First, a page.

Keeping Europe’s homes heated and cooled sustainably
Many buildings across Europe consume vast amounts of energy in both heating and cooling. Air conditioning systems are often inefficient and can be harmful to the environment if they depend on electricity that is generated from fossil fuels. The EU-funded Hybrid-BioVGE project created a new heating and cooling system based on renewable energy. The technology harnesses heat from the sun and biomass, and intelligently monitors itself to deliver a more efficient and affordable solution compared to competitors. “The project results help to break down existing technological barriers of solar and biomass small-scale space heating and cooling systems, such as high complexity, lack of demonstration sites and lack of hands-on data under real operating environments,” says Szabolcs Varga, coordinating researcher at the Institute of Science and Innovation in Mechanical and Industrial Engineering (INEGI) in Porto and Hybrid-BioVGE project coordinator.
Hybrid heating and cooling
The Hybrid-BioVGE system runs on two alternative energy sources: solar heat and biomass heat. This makes it able to provide both indoor space heating during the winter, and cooling in the summer. It requires very little electricity to run, as heat from the sun is the primary source of energy and biomass is only used as a backup. To achieve high solar efficiency, the team developed an innovative phase change material thermal energy system to store heat. Intelligent control systems also help to monitor the equipment to ensure higher efficiency. “A multi-fuel biomass boiler is capable of reliable operation with low emissions using different, locally available biomass fuels,” explains Varga. “The technology we developed through the Hybrid-BioVGE project delivers considerably lower levels of emissions than state-of-the-art boilers for wood pellets, chip straw and miscanthus fuels.”
An advanced year-round system
In the summer, the technology converts heat into cold to cool indoor spaces. “Our results indicated that the developed ejector cooling system performs considerably better than conventional ones,” notes Varga. “Performance improvement can be as high as 100 %.” The team gathered important results during the project on both component and system levels. Solar thermal collectors were developed to meet the higher temperature levels required to run the chiller, while reducing cost to around EUR 0.45/W of heat. The fuel flexibility of the biomass boiler was developed beyond the state of the art. The team also incorporated cold storage capabilities into the system and successfully tested them. “A modular control system was implemented with cloud data storage and web-based real-time monitoring capabilities,” Varga adds.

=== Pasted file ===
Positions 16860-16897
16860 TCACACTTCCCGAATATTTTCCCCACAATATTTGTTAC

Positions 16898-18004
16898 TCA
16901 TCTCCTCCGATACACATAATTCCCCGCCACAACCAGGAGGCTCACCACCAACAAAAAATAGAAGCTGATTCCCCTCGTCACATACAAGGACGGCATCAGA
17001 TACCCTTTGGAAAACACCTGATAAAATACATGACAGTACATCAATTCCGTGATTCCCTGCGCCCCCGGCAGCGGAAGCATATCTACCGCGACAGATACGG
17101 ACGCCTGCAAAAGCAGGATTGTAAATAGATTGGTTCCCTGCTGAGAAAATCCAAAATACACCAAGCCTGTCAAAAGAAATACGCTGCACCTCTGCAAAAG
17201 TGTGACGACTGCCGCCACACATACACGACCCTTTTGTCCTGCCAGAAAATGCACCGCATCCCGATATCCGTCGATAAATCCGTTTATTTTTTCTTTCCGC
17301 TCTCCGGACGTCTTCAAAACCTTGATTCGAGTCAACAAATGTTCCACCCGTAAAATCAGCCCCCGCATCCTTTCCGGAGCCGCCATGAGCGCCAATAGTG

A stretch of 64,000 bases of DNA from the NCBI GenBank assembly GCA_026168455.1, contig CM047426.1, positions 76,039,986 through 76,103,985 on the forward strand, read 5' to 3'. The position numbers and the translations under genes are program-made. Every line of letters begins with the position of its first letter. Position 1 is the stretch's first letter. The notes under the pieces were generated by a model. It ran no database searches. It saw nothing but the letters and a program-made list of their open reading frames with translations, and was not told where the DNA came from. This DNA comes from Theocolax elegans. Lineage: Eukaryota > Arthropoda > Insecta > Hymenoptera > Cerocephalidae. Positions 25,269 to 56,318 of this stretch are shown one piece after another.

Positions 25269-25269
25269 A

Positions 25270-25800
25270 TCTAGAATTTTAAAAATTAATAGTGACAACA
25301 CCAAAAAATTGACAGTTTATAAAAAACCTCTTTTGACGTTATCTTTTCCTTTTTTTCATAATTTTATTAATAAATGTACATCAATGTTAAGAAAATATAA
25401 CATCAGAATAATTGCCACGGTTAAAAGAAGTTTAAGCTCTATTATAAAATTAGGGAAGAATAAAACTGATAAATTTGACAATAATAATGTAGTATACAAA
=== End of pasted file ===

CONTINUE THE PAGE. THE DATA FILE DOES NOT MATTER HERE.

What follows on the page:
Building on from prototypes
The team developed three operational Hybrid-BioVGE prototypes. One was tested in a specifically designed hardware-in-loop platform, while the other two were monitored through real-world operations, in Steyr, Austria and Porto, Portugal. “Without the EU contribution, the project could not have raised the right resources to carry out the planned work,” explains Varga. The partners will intensify the publication of project results in the short term. Several scientific papers are being written using the experimental findings and simulation data. The performance of the Hybrid-BioVGE system was not as good as expected during the cooling season, however the underlying issues were identified following discussions. “Performance testing will be continued with one prototype during the next summer period,” says Varga. Some of the Hybrid-BioVGE components, the biomass boiler for example, should be brought to the market in the next few years.
Hybrid-BioVGE, heating, cooling, solar, biomass, renewable, energy, system